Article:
A dip below the still prevailing sideways trend would instead trigger a sell signal. With regard to sectors, the skeptical view of Savita Subramanian of the applicability of sector overweights and underweights in the current market environment sounds plausible. “Every sector today comes with plenty of ‘hair’ – if not macro risk, it has disruptors, negative headline risk, is too crowded or too expensive.  

“We believe investors should focus on themes and stocks, not sectors,” says the BofA Merrill Lynch U.S. equity strategist. 


Oldies but goodies 

Old-fashioned stock-pickers, who don’t believe in market timing, should concentrate on stocks with an attractive investment story, valuations that have not gotten out of hand and that are trading in existing upward trends.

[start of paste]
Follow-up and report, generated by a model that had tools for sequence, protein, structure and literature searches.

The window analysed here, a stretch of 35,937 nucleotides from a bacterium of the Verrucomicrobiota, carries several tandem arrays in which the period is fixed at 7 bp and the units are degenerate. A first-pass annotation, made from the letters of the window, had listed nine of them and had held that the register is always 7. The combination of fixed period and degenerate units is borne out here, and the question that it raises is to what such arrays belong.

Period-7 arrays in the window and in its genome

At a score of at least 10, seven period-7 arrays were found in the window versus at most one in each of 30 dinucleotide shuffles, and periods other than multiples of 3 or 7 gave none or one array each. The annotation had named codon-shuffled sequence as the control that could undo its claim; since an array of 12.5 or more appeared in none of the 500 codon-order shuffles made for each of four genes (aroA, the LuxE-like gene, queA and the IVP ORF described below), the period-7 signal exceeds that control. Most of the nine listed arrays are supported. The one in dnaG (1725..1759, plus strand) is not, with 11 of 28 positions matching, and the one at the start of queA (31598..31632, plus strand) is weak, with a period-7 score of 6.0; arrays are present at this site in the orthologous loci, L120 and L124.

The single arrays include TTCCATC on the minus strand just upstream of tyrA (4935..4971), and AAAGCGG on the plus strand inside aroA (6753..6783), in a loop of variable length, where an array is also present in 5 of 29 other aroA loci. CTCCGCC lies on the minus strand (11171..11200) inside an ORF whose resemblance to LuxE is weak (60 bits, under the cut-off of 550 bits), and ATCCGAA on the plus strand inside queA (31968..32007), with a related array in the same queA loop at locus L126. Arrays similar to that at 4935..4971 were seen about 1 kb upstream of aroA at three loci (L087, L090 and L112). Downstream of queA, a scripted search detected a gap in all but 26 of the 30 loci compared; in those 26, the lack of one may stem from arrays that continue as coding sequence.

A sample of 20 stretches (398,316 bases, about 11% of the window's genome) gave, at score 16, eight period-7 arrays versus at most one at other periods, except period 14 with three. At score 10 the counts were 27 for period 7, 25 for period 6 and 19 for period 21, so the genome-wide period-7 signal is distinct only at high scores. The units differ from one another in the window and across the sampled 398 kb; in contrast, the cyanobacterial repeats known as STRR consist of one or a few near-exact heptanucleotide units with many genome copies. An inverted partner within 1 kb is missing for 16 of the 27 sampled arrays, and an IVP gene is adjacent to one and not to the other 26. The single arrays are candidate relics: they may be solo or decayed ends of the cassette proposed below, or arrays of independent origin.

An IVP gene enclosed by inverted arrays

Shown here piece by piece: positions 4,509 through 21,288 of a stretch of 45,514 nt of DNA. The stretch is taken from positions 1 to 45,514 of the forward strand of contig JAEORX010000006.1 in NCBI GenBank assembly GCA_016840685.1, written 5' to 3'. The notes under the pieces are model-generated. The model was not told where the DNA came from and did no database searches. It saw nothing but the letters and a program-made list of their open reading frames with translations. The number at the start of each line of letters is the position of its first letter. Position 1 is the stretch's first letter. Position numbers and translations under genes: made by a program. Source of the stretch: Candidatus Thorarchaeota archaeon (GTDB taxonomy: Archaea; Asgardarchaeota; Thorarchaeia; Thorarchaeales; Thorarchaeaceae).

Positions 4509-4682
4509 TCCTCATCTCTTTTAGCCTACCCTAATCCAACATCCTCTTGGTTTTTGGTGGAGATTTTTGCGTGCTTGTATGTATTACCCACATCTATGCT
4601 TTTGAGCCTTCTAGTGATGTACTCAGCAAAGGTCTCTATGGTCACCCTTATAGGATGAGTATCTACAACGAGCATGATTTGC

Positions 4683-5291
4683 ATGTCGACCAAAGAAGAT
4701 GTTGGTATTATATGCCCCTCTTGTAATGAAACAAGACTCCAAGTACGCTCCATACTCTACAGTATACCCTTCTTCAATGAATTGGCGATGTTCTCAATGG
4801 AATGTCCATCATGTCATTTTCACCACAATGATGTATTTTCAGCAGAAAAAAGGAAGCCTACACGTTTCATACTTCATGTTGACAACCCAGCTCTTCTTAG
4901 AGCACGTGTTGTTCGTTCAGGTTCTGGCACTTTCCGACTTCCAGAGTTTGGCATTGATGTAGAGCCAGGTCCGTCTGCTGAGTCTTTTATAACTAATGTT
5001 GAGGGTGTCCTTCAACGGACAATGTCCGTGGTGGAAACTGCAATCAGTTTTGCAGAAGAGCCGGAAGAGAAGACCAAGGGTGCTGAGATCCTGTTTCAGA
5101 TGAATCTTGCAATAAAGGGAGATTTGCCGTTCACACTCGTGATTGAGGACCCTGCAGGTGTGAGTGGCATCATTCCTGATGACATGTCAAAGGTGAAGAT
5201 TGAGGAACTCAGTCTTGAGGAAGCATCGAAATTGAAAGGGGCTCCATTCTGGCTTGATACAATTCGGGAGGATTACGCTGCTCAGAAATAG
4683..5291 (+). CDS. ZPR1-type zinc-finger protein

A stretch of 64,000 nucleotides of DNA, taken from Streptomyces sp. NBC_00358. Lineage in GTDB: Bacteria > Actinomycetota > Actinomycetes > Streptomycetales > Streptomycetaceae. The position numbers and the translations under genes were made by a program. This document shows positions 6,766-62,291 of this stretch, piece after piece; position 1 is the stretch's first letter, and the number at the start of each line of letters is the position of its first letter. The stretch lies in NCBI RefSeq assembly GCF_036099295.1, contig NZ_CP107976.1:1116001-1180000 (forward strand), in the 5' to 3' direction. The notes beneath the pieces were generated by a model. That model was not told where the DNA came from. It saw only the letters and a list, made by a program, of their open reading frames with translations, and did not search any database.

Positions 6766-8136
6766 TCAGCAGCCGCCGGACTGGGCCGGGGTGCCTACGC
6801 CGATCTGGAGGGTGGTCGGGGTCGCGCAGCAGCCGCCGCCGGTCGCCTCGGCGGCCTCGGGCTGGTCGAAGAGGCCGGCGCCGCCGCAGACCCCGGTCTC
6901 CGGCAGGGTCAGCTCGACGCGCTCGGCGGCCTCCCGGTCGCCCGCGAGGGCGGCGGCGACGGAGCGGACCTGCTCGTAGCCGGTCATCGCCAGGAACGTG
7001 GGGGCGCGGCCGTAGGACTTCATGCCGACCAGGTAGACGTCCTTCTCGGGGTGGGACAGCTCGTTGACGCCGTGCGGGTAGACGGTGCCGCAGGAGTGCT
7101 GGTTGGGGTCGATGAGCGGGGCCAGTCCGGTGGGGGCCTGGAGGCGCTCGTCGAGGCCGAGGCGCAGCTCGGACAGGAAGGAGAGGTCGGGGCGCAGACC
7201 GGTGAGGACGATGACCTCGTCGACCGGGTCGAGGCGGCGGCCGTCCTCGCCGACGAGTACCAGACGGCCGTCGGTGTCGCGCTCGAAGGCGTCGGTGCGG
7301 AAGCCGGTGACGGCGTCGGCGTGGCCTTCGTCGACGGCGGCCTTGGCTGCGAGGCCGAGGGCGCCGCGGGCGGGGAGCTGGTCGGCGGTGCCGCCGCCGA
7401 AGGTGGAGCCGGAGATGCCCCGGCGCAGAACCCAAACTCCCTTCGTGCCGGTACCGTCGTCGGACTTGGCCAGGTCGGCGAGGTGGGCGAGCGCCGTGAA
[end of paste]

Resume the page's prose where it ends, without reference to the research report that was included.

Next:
Within the 30 Dow Jones components, these requirements are fulfilled by General Electric, Microsoft and the insurance company Travelers Companies. Earnings growth for a reasonable price can furthermore be found in companies like Avago Technologies (semiconductors), Southwest Airlines (low-cost Carrier), AbbVie (biopharmaceutical), Goodyear (tires) and Aetna (health insurance).

All of these stocks have a price-earnings to growth ratio of around one or even under one. That is a favorable valuation multiple in a low-growth world, which should be rewarded by market participants if the mentioned companies can successfully stay on a growth path.